DCC Plans Dunedin’s Future
Godzilla Insurance Expensive, Debt Soars
Council debt from community projects such as the Forsyth Barr Stadium and a 20-year upgrade of the city’s water and wastewater systems is scheduled to peak in 2012/12 to $270 million, giving rise to a proposed rate increase of 4.9%. The council initially projected rates to rise by 11.9% for the coming year but Mayor Dave Cull claimed in the long-term plan summary that this level of increase was “unacceptable to our community”.
Councillors now propose rate increases of 5%, 4% and 3% over the next three years respectively. This will then stabilise to 3%, meaning the debt is targeted to gradually fall to around $200 million in 2021/22. Critic has attempted to make these fundamentally extremely boring figures more palatable with a pretty infographic (see below).
While rates will continue to be spent on core infrastructure and economic development, the DCC has chosen to reduce the number of new initiatives proposed in order to minimise the overall rates rise. These initiatives range from redeveloping the St Clair Esplanade to prevent further sea damage, to re-opening the Caversham tunnel to encourage commuters to bike or walk between Dunedin and Mosgiel. This would allow both of the pedestrians who make the annual trip to Mosgiel to admire the wonders of this significant tourist destination to do so on foot.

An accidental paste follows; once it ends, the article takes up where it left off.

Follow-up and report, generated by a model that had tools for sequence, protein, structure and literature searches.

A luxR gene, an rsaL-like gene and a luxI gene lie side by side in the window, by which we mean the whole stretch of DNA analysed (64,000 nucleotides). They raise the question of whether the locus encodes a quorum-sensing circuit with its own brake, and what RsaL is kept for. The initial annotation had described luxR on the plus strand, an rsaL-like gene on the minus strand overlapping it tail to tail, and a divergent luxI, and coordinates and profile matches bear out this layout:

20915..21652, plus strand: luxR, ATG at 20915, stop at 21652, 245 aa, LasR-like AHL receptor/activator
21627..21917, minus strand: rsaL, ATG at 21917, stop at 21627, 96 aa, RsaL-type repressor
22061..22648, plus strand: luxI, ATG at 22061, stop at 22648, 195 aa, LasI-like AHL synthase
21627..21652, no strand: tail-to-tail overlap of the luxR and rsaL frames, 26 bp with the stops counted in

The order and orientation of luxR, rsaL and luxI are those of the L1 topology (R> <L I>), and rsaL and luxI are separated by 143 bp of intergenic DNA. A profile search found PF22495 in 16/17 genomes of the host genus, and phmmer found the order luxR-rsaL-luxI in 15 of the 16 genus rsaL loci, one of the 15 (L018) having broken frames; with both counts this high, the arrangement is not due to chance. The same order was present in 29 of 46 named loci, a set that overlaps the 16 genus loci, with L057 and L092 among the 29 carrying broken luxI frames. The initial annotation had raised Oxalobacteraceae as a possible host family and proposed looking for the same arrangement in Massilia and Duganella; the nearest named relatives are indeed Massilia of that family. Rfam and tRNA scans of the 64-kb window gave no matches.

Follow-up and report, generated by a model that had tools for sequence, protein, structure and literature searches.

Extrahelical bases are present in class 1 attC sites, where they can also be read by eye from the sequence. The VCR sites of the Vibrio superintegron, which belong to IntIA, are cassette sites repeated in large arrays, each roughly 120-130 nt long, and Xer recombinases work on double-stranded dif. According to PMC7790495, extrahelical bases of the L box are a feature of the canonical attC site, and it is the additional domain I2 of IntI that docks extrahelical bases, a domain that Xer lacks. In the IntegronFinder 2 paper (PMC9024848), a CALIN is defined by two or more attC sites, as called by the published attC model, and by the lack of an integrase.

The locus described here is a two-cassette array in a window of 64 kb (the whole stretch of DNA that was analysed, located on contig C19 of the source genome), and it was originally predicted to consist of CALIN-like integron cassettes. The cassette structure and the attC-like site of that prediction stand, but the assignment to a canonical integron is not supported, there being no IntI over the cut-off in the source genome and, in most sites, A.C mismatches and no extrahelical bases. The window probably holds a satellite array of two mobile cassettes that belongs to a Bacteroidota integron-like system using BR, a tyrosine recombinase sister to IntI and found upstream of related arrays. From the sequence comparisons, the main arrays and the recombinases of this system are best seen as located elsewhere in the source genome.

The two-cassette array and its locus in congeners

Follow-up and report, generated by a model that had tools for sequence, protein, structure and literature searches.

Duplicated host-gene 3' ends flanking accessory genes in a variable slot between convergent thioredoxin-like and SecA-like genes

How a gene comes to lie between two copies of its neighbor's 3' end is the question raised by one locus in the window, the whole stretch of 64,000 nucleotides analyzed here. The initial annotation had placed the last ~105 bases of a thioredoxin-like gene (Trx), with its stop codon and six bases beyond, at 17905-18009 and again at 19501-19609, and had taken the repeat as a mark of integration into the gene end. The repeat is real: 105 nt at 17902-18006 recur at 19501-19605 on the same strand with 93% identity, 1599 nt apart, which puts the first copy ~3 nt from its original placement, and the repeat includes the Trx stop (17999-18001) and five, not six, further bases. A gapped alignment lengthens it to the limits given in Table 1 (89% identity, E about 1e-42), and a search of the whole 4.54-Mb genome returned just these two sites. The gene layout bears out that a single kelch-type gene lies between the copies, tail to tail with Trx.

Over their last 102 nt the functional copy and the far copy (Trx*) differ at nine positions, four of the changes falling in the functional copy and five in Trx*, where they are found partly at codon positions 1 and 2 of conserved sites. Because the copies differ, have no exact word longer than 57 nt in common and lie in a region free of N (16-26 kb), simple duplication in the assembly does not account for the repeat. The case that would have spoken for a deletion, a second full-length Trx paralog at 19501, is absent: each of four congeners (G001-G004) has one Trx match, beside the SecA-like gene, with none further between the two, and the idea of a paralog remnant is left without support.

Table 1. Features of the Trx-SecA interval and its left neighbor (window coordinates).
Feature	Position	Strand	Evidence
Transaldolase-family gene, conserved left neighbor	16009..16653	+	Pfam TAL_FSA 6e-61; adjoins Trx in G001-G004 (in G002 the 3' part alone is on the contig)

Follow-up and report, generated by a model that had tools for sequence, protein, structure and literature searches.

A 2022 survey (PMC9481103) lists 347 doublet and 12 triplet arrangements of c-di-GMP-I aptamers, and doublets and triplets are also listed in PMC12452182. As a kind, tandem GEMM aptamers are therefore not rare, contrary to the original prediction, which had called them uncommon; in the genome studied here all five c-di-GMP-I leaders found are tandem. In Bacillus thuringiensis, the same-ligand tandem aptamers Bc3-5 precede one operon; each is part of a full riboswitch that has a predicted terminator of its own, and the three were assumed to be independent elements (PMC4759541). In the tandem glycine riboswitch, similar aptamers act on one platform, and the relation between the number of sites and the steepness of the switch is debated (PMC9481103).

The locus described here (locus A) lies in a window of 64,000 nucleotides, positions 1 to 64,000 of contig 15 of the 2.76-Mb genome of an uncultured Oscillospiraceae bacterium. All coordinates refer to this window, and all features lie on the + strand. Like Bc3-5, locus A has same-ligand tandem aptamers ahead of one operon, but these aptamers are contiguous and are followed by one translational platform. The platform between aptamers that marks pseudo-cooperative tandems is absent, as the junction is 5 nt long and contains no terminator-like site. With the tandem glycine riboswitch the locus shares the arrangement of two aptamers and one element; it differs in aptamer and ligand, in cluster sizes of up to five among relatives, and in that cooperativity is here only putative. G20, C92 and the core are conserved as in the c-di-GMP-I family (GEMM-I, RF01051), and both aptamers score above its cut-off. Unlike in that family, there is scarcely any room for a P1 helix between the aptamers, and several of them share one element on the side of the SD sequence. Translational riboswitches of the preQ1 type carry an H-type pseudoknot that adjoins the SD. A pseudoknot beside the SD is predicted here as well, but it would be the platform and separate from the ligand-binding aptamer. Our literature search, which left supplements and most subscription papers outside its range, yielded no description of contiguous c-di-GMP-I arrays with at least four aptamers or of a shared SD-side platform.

Critic spoke with Dunedin City Councillor Lee Vandervis, who has in the past referred to the long-term plan as the “annual sham”. Shockingly, Mr Vandervis had nothing inflammatory to say on the matter. Instead, saying the current annual plan was a “more honest account” than previous plans, especially because there had been a “tendency to try to spin the reality of debt.”
He then fell back on the tried and tested position of blaming Dunedin’s problems on students. In regard to the Council’s debt issues, Mr Vandervis said that ratepayers’ money shouldn’t be spent on cleaning up students’ mess as there was next to nothing to spare. Mr Vandervis conveniently failed to mention that students are a significant proportion of ratepayers themselves, with part of their rent being passed on by landlords to the Council in the form of rates.
When Critic was asked if it had been down Leith Street recently, which it assured Mr Vandervis it had, he spoke of the eight holes in the road from couch fires and revealed that a quote for repair the damage was near to $120,000. Critic suggested upping the fire lighting fine to $15,000 ...
The submission process invites the general public to comment on how the Council proposes to prioritise their spending. Submissions close at 5pm on April 17 followed by a submissions hearing on May 9-11. The Council will confirm rates for 2012-13 and adopt a finalised long-term plan on June 25.